Provincial Officials To Mark Borders Clearly

Battambang and Banteay Mean­­chey provincial authorities agreed Saturday to clearly demarcate the border between the two provinces to prevent land disputes, Prach Chan, the governor of Bat­tambang, said Tuesday.

The border runs through Ban­teay Meanchey’s Malai district and Battambang’s Sampov Loun dis­trict, a heavily forested area that has been subject to land grabbing.

Battambang wants “to clearly se­parate our area and to prevent any anarchic land grabbing,” Prach Chan said by telephone.

The provincial border area is important because it runs through Roniem Daun Sam Sanctuary, a 40,021-hectare area of forest, Prach Chan added.

The sanctuary has been the site of much land grabbing, with people logging the area of luxury timber and establishing farms.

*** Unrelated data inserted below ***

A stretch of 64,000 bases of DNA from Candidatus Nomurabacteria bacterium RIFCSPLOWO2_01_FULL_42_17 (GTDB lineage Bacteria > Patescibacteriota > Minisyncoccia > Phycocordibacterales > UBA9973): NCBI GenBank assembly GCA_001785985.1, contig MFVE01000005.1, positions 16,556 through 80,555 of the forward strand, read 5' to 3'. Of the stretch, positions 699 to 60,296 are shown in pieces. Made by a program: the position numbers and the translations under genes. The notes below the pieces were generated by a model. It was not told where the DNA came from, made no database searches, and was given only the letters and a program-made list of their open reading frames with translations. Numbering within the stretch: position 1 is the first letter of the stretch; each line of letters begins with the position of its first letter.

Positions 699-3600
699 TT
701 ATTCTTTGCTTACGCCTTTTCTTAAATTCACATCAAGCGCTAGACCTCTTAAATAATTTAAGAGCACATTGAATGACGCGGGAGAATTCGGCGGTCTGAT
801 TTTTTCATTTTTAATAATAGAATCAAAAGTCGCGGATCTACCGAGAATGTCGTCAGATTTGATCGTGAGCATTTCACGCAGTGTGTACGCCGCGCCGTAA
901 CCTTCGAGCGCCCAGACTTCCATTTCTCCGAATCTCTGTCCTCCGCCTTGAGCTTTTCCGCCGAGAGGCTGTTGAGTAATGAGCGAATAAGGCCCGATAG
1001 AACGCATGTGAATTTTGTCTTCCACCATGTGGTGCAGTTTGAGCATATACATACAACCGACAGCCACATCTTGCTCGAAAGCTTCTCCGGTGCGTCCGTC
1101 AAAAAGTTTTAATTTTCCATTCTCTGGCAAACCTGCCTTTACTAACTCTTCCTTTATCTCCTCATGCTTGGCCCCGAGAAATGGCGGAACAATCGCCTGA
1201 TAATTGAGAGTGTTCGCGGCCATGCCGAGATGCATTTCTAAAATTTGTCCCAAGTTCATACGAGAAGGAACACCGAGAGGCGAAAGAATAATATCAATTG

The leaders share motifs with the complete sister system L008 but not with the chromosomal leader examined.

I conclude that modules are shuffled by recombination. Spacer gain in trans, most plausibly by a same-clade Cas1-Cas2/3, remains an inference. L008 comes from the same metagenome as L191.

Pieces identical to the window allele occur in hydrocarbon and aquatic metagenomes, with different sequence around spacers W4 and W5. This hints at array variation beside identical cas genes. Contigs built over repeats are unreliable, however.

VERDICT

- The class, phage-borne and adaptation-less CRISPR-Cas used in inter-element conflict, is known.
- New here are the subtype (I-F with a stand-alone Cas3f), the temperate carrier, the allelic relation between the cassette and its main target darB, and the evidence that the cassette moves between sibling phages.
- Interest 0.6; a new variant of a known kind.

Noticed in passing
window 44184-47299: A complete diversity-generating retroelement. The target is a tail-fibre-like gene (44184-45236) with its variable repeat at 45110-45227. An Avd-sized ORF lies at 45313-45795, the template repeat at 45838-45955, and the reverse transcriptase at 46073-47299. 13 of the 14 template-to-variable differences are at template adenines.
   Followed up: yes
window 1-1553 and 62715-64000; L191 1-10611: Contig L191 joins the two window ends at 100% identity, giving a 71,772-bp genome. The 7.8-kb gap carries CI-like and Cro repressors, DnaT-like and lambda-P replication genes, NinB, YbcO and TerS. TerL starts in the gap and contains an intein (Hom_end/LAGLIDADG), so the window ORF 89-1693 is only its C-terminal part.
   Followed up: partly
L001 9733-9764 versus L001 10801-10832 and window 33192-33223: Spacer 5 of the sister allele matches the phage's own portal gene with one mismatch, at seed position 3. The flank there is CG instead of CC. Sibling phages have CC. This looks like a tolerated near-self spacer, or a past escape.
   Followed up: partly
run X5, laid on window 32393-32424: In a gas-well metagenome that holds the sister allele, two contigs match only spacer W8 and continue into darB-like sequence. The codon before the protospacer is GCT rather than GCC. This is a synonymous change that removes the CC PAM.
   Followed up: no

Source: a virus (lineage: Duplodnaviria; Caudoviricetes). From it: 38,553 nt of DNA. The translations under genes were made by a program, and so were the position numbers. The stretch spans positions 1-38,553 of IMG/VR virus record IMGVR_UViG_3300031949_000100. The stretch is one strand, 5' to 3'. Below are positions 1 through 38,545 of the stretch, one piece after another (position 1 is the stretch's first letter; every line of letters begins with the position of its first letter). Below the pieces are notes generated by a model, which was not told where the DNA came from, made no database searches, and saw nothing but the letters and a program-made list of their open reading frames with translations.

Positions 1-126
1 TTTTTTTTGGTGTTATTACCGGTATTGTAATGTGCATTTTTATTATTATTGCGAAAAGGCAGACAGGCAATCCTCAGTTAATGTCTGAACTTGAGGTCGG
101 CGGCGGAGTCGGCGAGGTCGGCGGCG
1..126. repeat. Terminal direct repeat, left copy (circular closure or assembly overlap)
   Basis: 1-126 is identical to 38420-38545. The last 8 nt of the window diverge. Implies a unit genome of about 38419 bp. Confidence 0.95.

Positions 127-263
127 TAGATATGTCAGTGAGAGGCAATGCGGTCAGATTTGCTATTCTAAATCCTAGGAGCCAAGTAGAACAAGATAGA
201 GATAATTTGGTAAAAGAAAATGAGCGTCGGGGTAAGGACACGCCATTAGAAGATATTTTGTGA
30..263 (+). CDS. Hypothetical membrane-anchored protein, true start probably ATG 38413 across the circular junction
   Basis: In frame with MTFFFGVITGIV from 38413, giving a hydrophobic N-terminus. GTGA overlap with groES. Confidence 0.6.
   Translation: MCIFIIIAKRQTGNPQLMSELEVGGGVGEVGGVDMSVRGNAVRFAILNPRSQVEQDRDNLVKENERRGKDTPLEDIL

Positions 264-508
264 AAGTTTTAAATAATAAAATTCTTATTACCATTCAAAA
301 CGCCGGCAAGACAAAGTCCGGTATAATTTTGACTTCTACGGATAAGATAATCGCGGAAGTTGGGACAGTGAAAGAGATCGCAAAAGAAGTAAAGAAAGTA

There has been confusion in the past about which parts of the sanctuary along the border belong to which province.

Banteay Meanchey Governor Heng Chantha said the provinces established a joint committee to de­termine which villages belong to which province.

“If we follow the map, some villages are overlapping,” Heng Chan­­­tha said. “We have to separate them clearly in or­der to govern well.”

Police will temporarily control the border area before the land is di­vided, Heng Chantha said.

Prach Chan said the border be­tween Battambang’s Samlot district and Pailin municipality also needs to be demarcated, because of similar problems.

“We will demarcate the boundary dividing Samlot and Pailin in the future because more people are grabbing land there and cutting trees for their farms,” he said.

Large-scale deforestation to clear farmland in the sanctuary is a major problem, said Chhay Yuob, deputy director of the Ministry of En­vironment’s environment de­part­ment.

“We are worried because trees in Roniem Daun Sam are being cut and [loggers] are continuing on a big scale,” Chhay Yuob said.  “We do not know how to stop them.”



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